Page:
author = "Evans, {Jaden D.} and Hansen, {Chase C.} and Tollefson, {Matthew K.} and Christopher Hallemeier",
year = "2017",
month = "1",
day = "1",
doi = "10.1016/j.adro.2017.08.012",
language = "English (US)",
journal = "Advances in Radiation Oncology",
issn = "2452-1094",
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TY - JOUR

T1 - Stereotactic body radiation therapy for medically inoperable, clinically localized, urothelial carcinoma of the renal pelvis

T2 - A case report

AU - Evans, Jaden D.

AU - Hansen, Chase C.

AU - Tollefson, Matthew K.

AU - Hallemeier, Christopher

PY - 2017/1/1

Y1 - 2017/1/1

N2 - Background: Upper urinary tract urothelial carcinoma (UUTUC) is rare, accounting for less than 5% of urothelial malignancies. Standard treatment is radical nephroureterectomy (RNU) with systematic excision of bladder cuff. While commonly used for bladder urothelial carcinoma, the role of primary or adjuvant radiotherapy for UUTUC is unclear. Furthermore, there are no guidelines for management of inoperable patients, whether due to extensive disease burden, solitary kidney, poor performance status, or patient refusal. Stereotactic body radiation therapy (SBRT) may be a treatment option for this unique patient population. Case presentation: A 93-year old male presented with a one year of intermittent gross hematuria. CT imaging showed a 4.5 cm soft tissue mass in the upper left intra-renal collecting system without evidence for regional lymphadenopathy or distant metastatic disease. Urine cytology confirmed urothelial carcinoma. He was staged clinical T2, N0, M0. Following urology and cardiology evaluation, the patient was deemed medically-inoperable for RNU due to cardiac comorbidities. He was not a candidate for percutaneous ablation due to tumor location in renal pelvis and anesthesia risk. He was treated using SBRT with 50 Gy in 4 fractions over 4 consecutive days. His hematuria resolved approximately 10 days after completion of SBRT. The patient showed no clinical signs of acute or late adverse events. He underwent routine evaluation and at his most recent 31-month post-SBRT evaluation, imaging showed a complete response (RECIST criteria v1.1) without evidence of locoregional recurrence or distant metastasis. He expired 33 months after SBRT due to decompensated systolic heart failure. Conclusion: The role for radiotherapy in the management of UUTUC is unclear. Utilizing conventionally fractionated radiotherapy, the outcomes of all retrospective data are marginal with weak grade recommendations. SBRT is a promising technique for medically-inoperable UUTUC. Limited reported outcomes are favorable and warrant further investigation of the role of SBRT in the treatment of UUTUC.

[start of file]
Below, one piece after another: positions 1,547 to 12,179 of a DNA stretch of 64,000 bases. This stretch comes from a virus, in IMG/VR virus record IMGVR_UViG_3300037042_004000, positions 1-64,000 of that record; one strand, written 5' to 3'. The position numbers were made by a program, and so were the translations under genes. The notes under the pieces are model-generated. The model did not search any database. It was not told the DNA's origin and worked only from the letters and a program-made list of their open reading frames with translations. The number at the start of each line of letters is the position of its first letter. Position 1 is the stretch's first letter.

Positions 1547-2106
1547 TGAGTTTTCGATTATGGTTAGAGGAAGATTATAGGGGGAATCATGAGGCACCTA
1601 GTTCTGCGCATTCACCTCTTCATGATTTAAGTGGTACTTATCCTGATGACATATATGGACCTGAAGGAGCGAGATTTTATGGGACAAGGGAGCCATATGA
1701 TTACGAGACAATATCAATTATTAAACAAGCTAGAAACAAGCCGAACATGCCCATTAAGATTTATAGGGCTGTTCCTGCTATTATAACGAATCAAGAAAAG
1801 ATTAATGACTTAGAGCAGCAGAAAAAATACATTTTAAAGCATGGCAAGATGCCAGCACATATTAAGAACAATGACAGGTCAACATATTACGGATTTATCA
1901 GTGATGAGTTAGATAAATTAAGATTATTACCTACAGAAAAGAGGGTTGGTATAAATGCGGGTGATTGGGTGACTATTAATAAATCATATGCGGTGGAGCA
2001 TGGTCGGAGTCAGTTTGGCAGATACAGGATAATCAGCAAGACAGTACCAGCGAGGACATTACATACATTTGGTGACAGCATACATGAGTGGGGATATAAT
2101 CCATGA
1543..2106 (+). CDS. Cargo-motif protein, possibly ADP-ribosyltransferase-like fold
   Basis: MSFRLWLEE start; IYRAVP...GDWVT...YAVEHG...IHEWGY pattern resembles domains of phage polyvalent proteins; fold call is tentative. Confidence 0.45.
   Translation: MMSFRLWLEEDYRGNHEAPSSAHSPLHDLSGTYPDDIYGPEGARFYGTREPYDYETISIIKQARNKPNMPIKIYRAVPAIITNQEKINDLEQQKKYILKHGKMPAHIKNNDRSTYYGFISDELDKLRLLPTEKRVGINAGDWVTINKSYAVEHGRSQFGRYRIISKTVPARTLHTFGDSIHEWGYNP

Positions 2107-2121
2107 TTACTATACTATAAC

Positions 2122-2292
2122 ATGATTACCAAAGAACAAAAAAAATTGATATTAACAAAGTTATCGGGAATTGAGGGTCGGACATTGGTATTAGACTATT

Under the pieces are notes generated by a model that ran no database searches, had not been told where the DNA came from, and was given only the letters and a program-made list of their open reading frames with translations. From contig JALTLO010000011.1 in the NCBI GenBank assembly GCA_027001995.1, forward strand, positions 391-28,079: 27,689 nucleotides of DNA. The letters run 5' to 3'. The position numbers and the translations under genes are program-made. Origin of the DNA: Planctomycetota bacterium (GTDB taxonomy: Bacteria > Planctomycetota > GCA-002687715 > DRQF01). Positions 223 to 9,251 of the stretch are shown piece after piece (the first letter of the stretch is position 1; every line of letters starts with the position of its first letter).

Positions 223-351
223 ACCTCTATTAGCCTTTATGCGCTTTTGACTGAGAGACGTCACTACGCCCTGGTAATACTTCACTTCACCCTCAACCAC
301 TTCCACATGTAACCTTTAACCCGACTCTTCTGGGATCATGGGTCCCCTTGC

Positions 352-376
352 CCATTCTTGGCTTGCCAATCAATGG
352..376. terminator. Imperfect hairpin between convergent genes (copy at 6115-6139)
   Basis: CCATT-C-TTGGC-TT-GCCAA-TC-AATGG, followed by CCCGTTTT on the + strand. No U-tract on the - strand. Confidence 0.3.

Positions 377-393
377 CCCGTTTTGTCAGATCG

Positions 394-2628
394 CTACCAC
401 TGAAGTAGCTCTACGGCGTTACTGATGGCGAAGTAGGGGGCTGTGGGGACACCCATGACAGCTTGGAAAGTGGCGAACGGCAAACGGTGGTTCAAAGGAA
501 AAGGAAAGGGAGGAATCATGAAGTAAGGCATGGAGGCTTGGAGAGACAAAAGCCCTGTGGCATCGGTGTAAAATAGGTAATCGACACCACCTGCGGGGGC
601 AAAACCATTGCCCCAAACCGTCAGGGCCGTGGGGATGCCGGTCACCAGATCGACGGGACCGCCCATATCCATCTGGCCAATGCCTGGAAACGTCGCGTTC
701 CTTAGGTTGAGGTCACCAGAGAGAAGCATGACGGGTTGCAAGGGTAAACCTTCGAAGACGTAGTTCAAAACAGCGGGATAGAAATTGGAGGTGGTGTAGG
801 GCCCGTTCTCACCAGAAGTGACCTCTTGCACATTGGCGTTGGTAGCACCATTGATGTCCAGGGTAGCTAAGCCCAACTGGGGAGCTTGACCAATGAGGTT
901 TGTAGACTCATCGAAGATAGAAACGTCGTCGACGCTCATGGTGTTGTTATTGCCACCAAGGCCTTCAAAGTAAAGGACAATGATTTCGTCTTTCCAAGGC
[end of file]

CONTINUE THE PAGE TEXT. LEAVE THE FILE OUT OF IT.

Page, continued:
AB - Background: Upper urinary tract urothelial carcinoma (UUTUC) is rare, accounting for less than 5% of urothelial malignancies. Standard treatment is radical nephroureterectomy (RNU) with systematic excision of bladder cuff. While commonly used for bladder urothelial carcinoma, the role of primary or adjuvant radiotherapy for UUTUC is unclear. Furthermore, there are no guidelines for management of inoperable patients, whether due to extensive disease burden, solitary kidney, poor performance status, or patient refusal. Stereotactic body radiation therapy (SBRT) may be a treatment option for this unique patient population. Case presentation: A 93-year old male presented with a one year of intermittent gross hematuria. CT imaging showed a 4.5 cm soft tissue mass in the upper left intra-renal collecting system without evidence for regional lymphadenopathy or distant metastatic disease. Urine cytology confirmed urothelial carcinoma. He was staged clinical T2, N0, M0. Following urology and cardiology evaluation, the patient was deemed medically-inoperable for RNU due to cardiac comorbidities. He was not a candidate for percutaneous ablation due to tumor location in renal pelvis and anesthesia risk. He was treated using SBRT with 50 Gy in 4 fractions over 4 consecutive days. His hematuria resolved approximately 10 days after completion of SBRT. The patient showed no clinical signs of acute or late adverse events. He underwent routine evaluation and at his most recent 31-month post-SBRT evaluation, imaging showed a complete response (RECIST criteria v1.1) without evidence of locoregional recurrence or distant metastasis. He expired 33 months after SBRT due to decompensated systolic heart failure. Conclusion: The role for radiotherapy in the management of UUTUC is unclear. Utilizing conventionally fractionated radiotherapy, the outcomes of all retrospective data are marginal with weak grade recommendations. SBRT is a promising technique for medically-inoperable UUTUC. Limited reported outcomes are favorable and warrant further investigation of the role of SBRT in the treatment of UUTUC.